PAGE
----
TL, DR: The Scrum Trap
Scrum is a purposefully incomplete framework. Consequently, it needs to be augmented with tools and practices to apply its theoretical foundation to an organization’s business reality: what problems shall be solved for whom in which market? Moreover, there is an organization’s culture to take into account. However, the intentional “gap” is not a free-for-all to accept whatever comes to mind or is convenient. Some tools and practices have proven highly effective in supporting Scrum’s application and reaping its benefits. And then there are others — the Scrum trap.
Let’s look at what practices and tools for collaboration and team building are not helpful when used with Scrum.
TL; DR: How to Sabotage A Scrum Master — 44 Anti-Patterns from the Trenches to Avoid
One of my favorite exercises from my Professional Scrum Master classes is how to best sabotage a Scrum Master as a member of the middle management. The exercise rules are simple: You’re not allowed to use any form of illegal activity. So, outsourcing the task to a bunch of outlaws is out of the question. Instead, you are only allowed to use practices that are culturally acceptable within your organization.
Read on and learn more on how to best sabotage a Scrum Master from the exercise results of more than ten PSM I and PSM II classes. (I slightly edited the suggestions for better readability.)
TL; DR: The Lack of Agile Leadership Qualities — When Change Agents Don’t Act as Role Models
There are plenty of failure possibilities with Scrum. Given that Scrum is a framework with a reasonable yet short “manual,” this effect should not surprise anyone. When Scrum becomes an element of an agile transformation, a lack of agile leadership qualities on the incumbents’ side may impede its overall progress significantly despite the best efforts of all other change agents.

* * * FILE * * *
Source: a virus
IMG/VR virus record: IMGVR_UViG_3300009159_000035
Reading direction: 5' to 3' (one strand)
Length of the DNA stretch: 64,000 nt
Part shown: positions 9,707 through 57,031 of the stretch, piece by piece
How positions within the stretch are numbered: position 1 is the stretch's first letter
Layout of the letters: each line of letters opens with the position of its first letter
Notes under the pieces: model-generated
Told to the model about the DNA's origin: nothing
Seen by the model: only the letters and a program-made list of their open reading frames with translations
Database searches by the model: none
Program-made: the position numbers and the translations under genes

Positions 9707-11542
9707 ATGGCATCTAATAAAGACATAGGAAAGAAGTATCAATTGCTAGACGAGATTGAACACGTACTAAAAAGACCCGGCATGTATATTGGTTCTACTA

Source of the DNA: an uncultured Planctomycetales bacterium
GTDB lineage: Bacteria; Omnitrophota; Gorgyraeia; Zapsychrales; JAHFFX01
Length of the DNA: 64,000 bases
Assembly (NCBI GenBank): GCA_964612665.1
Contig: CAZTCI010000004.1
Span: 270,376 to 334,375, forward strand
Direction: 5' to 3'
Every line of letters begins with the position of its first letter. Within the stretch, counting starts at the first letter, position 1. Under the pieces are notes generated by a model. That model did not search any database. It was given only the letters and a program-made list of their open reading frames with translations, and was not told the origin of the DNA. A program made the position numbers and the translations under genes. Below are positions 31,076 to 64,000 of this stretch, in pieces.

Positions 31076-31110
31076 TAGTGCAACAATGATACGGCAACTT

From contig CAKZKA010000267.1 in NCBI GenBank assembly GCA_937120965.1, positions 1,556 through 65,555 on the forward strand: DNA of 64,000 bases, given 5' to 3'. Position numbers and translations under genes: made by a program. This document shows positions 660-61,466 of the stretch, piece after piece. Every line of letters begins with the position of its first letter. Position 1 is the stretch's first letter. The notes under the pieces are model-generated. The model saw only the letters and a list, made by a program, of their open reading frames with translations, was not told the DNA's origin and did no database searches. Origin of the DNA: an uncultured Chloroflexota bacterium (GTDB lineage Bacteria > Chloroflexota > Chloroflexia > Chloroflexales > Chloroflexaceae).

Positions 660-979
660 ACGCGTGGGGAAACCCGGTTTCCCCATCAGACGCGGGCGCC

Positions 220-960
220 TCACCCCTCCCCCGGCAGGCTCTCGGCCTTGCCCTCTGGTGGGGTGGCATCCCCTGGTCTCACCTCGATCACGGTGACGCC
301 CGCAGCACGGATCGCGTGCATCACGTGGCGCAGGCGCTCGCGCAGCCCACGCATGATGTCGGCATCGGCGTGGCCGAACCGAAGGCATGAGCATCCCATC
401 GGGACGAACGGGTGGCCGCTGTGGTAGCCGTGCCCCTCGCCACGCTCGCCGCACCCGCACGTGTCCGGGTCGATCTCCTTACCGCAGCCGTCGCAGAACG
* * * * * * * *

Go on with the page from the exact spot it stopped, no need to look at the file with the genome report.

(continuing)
📺 Join me and explore the consequences of a lack of agile leadership qualities and what you can do about it in less than three minutes.
Update: Join the LinkedIn Poll: What leadership behavior have you noticed in the past that is impeding an agile transformation?
TL; DR: Essential Agile Failure Patterns — When Noise Interferes with Signal
There are plenty of failure possibilities with Scrum. Given that Scrum is a framework with a reasonable yet short “manual,” this effect should not surprise anyone. When Scrum becomes an element of an agile transformation, the following three common essential agile failure patterns prove to be an exceptionally tough nut to crack for any Scrum Master.
📺 Join me and explore the consequences of foreseeable failure patterns and what you can do about them in a little more than seven minutes.
Update: I am running a poll on LinkedIn—join the voting: “What is your top agile failure pattern in organizations?”
TL; DR: Scrum Failure Culture: A Requirement to Be Successful
There are plenty of failure possibilities with Scrum. Given that Scrum is a framework with a reasonable yet short “manual,” this effect should not surprise anyone. To make things worse, a crucial success factor of every Scrum team is not even mentioned in the Scrum Guide: Any organization that wants to employ Scrum to learn faster than its competitors needs to have a solid failure culture.
📺 Join me and explore the consequences of not living a failure culture in less than three minutes.
TL; DR: The Cargo Cult Agile Checklist for Download
Do you want to know the state of agility in your organization? Here we go: Download the checklist, distribute it generously among your colleagues, and run a quick poll. It will only take 5 minutes of their time–and then analyze their feedback. If the average number of checkboxes marked is higher than nine, then you are probably practicing cargo cult agile in one form or another.
If running the cargo cult agile survey is the ‘inspection,’ then consider adapting your approach to being agile by kicking-off a discussion among the stakeholders of your organization’s endeavor.